They Live: Mattera's Obama Zombies reanimates old GOP falsehoods, smears

They Live: Mattera's Obama Zombies reanimates old GOP falsehoods, smears

››› ››› BRIAN FREDERICK

In his new book Obama Zombies, Jason Mattera uses selective editing to repeat conservative attacks on President Obama, smearing the president by claiming that "he fancies himself the 'apologizer in chief.' " Mattera also falsely claims that "[e]ight days after 9/11, Obama wrote an op-ed ... in which he argued that Americans needed to have compassion for those who had just slaughtered our brethren."

Mattera smears Obama: "[H]e fancies himself the 'apologizer in chief'"

Mattera: Obama's "moral equivocating" is "downright dangerous." In a chapter of Obama Zombies titled "The Peacenik Phantom," Mattera writes:

It's as if Obama wants to say to North Korea and Iran, "Now, fellas, I know you say you want to destroy Western civilization, but I think you're just misunderstood. I know you really don't mean what you say."

[...]

Obama seems not to care. After all, he fancies himself the "apologizer in chief." Such moral equivocating is insane and morally loathsome. Worse, it's downright dangerous. Buy why should this surprise us? If Obama Zombies would have taken their earbuds out of their ears long enough to actually research and listen to this man, they would have known just how radical he truly is. [p.69]

Mattera falsely claims Obama "argued that Americans needed to have compassion" for 9-11 perpetrators

Mattera: In op-ed, Obama "argued that Americans needed to have compassion for those who had just slaughtered our brethren." In Obama Zombies, Mattera writes:

Eight days after 9/11, Obama wrote an op-ed for Chicago's Hyde Park Herald in which he argued that Americans needed to have compassion for those who had just slaughtered our brethren:

The essence of this tragedy, it seems to me, derives from a fundamental absence of empathy on the part of the attackers: an inability to imagine, or connect with, the humanity and suffering of others. Such a failure of empathy, such numbness to the pain of a child or the desperation of a parent, is not innate; nor, history tells us, is it unique to a particular culture, religion, or ethnicity. It may find expression in a particular brand of violence, and may be channeled by particular demagogues or fanatics. Most often, though, it grows out of a climate of poverty and ignorance, helplessness and despair.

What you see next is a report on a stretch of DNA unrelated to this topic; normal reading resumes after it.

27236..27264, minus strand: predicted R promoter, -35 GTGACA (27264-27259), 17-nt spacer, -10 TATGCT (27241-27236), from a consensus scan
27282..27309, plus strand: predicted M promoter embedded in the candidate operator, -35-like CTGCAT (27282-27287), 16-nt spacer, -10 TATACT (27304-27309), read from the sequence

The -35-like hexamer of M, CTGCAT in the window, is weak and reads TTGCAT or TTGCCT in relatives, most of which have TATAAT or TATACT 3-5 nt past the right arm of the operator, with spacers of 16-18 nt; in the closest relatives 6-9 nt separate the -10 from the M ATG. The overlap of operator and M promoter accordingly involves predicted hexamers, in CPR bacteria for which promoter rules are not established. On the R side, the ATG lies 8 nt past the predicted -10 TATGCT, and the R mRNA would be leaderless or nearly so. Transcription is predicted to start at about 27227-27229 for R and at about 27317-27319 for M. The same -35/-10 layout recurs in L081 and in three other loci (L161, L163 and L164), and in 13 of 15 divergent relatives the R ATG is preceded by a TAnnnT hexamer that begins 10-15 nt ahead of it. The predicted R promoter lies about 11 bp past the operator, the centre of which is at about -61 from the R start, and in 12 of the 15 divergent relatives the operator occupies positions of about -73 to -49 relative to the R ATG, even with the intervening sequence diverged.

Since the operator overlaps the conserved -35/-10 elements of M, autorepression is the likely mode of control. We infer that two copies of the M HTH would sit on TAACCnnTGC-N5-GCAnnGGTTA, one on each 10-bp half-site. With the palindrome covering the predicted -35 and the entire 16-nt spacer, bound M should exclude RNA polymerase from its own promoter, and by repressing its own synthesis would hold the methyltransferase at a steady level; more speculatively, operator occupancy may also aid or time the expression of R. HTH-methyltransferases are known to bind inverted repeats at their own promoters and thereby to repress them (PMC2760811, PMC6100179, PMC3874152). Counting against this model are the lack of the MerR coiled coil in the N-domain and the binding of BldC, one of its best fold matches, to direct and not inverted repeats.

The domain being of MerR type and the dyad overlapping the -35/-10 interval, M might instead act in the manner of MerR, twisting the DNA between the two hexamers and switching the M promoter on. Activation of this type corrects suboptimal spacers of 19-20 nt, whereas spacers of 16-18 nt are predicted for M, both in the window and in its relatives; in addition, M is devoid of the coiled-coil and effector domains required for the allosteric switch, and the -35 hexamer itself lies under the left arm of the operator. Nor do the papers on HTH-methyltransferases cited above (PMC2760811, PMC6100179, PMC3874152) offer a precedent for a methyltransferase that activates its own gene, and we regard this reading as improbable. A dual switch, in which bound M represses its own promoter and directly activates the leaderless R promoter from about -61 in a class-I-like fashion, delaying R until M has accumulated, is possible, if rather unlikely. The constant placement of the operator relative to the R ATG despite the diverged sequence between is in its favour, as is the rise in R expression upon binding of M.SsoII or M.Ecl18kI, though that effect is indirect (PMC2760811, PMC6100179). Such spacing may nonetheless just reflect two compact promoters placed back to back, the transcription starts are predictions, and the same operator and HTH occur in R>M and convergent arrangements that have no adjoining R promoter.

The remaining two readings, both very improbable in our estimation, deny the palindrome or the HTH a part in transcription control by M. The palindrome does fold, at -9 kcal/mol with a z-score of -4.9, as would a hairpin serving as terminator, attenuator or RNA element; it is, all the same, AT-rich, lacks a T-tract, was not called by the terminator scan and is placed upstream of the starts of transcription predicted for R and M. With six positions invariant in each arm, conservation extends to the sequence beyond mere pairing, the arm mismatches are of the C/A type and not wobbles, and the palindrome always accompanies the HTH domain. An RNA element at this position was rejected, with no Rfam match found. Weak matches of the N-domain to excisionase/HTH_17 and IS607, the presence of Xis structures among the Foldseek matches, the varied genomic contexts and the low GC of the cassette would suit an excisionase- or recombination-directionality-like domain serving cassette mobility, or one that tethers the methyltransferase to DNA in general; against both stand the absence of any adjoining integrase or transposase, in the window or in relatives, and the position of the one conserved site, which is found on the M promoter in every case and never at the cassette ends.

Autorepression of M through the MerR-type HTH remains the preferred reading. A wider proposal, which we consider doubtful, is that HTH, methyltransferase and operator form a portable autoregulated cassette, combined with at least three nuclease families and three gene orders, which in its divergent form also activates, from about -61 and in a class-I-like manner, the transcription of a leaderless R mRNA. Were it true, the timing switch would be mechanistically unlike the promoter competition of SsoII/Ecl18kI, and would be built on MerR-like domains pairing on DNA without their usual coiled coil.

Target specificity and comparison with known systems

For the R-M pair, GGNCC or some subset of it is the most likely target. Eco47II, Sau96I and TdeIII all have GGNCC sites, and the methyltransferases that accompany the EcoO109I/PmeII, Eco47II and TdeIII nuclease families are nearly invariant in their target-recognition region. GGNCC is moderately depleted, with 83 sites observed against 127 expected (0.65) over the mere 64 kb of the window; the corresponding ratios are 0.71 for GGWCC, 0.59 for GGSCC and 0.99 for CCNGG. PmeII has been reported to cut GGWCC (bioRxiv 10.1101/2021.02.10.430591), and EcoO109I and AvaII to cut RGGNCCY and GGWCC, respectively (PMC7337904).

In fact, Obama writes that "we must be resolute in identifying the perpetrators of these heinous acts and dismantling their organizations of destruction." In the editorial, Obama does not argue that Americans "needed to have compassion" for the 9-11 perpetrators, as the passage Mattera provides makes clear. Further, in comments omitted by Mattera, Obama states that "we must be resolute in identifying the perpetrators of these heinous acts and dismantling their organizations of destruction."

From Obama's September 19, 2001 editorial, with the portion Mattera excerpted in bold:

Even as I hope for some measure of peace and comfort to the bereaved families, I must also hope that we as a nation draw some measure of wisdom from this tragedy. Certain immediate lessons are clear, and we must act upon those lessons decisively. We need to step up security at our airports. We must reexamine the effectiveness of our intelligence networks. And we must be resolute in identifying the perpetrators of these heinous acts and dismantling their organizations of destruction.